Heir to the British throne, Prince Charles is visiting New Zealand. He enjoyed his greeting at the Royal Albatross Centre and went on to make an impassioned plea for the preservation of the birds he used to watch flying for days on end whilst he was at sea with the Royal Navy.
Fulfilling a lifelong ambition, Prince Charles crouched within three feet of a mother and chick in a nest at the bird sanctuary at Taiaroa Head.
He suggested that if this majestic member of the albatross family were allowed to become extinct, “we would sacrifice any claim whatsoever to call ourselves civilised beings.”
“Will it take the complete dodo-like disappearance of this noble creature to bring us to our sense?” asked the heir to the British throne.
The migratory birds have a wingspan of three metres and can swoop at speeds of up to 114kph, but they are threatened by a loss of habitat and long line fishing, which is killing 100,000 a year.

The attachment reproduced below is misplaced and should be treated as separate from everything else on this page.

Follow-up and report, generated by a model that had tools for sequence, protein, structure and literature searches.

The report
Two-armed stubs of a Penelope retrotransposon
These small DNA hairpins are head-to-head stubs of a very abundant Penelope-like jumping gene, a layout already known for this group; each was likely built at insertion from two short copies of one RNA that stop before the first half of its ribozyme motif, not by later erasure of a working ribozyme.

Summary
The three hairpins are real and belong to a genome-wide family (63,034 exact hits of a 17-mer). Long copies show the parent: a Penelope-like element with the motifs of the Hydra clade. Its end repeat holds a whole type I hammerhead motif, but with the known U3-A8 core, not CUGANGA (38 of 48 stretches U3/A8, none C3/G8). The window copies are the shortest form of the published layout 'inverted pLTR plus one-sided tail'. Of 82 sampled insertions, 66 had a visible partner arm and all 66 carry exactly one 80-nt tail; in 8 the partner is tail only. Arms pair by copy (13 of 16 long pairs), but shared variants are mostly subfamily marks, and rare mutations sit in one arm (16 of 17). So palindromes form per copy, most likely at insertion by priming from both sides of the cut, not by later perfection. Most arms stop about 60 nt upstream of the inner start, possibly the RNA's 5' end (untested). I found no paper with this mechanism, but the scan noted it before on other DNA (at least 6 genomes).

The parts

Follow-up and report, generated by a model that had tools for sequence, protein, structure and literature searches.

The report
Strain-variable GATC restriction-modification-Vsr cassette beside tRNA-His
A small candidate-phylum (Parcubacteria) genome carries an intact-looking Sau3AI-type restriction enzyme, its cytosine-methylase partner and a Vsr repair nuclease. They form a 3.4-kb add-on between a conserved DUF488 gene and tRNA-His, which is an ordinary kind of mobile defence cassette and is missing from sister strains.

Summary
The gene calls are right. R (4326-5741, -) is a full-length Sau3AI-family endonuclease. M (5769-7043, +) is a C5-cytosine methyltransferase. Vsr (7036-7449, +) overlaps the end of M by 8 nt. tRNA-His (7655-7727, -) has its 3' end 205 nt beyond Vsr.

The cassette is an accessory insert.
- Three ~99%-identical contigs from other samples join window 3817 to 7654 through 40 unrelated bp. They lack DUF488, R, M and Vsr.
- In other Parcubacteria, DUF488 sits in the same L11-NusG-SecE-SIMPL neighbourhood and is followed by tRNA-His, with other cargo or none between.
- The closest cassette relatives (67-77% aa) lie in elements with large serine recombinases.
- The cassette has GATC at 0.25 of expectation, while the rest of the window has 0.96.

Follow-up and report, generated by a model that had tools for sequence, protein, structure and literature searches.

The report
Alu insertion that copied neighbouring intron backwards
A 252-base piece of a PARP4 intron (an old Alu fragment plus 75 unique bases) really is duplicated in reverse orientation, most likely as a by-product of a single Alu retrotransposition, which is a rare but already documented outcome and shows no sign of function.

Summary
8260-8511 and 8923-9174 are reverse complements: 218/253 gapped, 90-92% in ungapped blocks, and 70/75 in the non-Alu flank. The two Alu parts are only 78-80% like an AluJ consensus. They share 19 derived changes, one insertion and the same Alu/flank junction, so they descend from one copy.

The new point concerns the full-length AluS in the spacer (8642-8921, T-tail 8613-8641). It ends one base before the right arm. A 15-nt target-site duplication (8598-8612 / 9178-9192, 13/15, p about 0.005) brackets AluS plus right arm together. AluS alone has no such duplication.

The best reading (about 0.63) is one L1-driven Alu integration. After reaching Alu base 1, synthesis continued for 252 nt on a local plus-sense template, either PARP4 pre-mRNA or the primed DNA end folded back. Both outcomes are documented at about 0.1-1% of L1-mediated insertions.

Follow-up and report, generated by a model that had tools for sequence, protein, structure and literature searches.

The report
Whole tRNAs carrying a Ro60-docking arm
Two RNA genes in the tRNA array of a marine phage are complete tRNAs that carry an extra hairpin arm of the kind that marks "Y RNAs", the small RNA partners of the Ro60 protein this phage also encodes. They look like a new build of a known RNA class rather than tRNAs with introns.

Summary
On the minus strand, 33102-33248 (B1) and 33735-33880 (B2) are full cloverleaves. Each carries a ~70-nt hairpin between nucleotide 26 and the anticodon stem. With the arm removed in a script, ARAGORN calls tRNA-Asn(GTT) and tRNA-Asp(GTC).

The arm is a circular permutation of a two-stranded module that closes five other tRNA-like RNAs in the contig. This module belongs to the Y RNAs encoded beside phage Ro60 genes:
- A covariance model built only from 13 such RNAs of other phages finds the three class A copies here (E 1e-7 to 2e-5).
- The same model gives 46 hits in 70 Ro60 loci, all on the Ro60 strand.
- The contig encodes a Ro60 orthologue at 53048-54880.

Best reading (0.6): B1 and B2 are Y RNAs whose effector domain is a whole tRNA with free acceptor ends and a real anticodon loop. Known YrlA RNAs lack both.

The albatross centre on the windswept south island headland is the only mainland breeding colony in the world and human contact with the birds is limited.
An “ecstatic” prince spent 10 minutes at one of the four nests at Taiaroa Head observing a 20-year-old female Northern Royal Albatross with her month-old chick.
After learning to fly, albatross chicks spend five years soaring over the world, resting only on water and will eventually settle with a partner for life.